So, has Hater disrupted the dating app ecosystem? Alper argues that it has – or at least carved out an important niche. Hater’s positioned itself between two giants: on the one hand, there are the older dating sites which focus on personality, like OKCupid and match.com. “There is a stigma about them. They are clunky and a little hard to use, time consuming and expensive,” Alper says.
When Tinder came into play, it changed completely how we look at dating apps: Now, basically, only pictures matter. The result is a lot of bad dates, since one doesn’t get to know the person beforehand. “What we are trying to do is make this personality part fun. It´s important to have all those small things upfront so that people can make good decisions about who they want to start a relationship with.”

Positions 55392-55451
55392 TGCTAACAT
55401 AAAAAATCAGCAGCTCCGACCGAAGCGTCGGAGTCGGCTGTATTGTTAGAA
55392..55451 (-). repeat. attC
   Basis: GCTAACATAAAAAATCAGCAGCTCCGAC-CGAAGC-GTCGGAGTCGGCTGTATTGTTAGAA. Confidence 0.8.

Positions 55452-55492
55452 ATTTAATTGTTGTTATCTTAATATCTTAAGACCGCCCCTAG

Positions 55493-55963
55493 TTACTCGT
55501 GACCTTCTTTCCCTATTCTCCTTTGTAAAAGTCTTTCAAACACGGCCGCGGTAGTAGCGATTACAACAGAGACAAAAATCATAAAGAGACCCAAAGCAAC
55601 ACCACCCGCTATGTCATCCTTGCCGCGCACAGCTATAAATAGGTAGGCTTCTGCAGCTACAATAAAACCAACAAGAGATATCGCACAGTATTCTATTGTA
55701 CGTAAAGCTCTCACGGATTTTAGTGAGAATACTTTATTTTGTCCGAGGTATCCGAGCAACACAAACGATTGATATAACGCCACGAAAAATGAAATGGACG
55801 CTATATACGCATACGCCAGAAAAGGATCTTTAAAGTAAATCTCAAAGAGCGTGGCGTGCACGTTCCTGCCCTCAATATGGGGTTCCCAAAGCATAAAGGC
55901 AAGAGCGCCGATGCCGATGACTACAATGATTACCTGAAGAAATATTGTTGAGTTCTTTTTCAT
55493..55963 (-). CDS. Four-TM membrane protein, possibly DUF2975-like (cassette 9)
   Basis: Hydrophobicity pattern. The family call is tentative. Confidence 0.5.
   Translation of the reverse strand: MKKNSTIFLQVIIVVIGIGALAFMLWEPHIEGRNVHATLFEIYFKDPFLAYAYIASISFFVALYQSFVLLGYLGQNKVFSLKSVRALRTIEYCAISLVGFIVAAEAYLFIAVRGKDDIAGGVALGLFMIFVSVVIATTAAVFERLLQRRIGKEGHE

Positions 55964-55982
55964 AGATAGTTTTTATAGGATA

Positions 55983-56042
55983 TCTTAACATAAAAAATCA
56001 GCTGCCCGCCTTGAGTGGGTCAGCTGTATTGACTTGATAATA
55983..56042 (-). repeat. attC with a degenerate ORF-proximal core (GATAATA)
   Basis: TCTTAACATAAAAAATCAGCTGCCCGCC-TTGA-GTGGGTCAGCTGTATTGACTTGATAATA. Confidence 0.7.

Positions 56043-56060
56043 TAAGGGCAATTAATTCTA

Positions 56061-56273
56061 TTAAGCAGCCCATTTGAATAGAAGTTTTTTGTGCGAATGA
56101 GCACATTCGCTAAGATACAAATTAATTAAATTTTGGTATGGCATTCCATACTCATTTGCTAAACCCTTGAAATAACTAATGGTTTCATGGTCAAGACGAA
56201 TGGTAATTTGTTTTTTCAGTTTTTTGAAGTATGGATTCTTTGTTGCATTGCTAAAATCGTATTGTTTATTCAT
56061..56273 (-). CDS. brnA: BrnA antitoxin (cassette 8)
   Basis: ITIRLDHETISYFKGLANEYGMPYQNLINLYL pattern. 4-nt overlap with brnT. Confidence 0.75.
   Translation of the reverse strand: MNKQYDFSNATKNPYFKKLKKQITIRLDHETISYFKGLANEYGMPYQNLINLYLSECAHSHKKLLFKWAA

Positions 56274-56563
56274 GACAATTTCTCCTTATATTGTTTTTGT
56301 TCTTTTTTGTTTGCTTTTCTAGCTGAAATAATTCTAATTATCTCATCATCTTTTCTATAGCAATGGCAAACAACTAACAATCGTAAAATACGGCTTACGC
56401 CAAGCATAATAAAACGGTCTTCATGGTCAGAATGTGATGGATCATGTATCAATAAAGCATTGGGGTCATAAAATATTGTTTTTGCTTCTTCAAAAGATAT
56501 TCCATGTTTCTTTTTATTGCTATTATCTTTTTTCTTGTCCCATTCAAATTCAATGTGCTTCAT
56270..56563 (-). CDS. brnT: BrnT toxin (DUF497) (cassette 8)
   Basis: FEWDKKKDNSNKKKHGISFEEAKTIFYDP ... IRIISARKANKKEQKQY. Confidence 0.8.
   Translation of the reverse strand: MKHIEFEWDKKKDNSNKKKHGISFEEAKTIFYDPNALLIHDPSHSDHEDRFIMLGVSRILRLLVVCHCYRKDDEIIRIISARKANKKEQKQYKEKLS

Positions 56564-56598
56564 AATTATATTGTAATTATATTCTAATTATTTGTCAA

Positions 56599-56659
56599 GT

Alper confesses that he uses Hater himself, although he is in a happy relationship. His aim is to take Hater even further and make the app a bridge between the social and the dating world. “We want it to be just like a bar: When you come into a bar, there are people who are single and people who are with their friends or girlfriends. They are all there for different reasons but they all have fun,” he says. “If you meet someone, that’s great, but if you don’t it´s still OK, because you had fun.” He envisions a future where users will connect via Hater for the pleasure of communicating -- and not only because they want to get laid. That future may be a long way off, he admits. For now, the next thing on his agenda is launching for Android.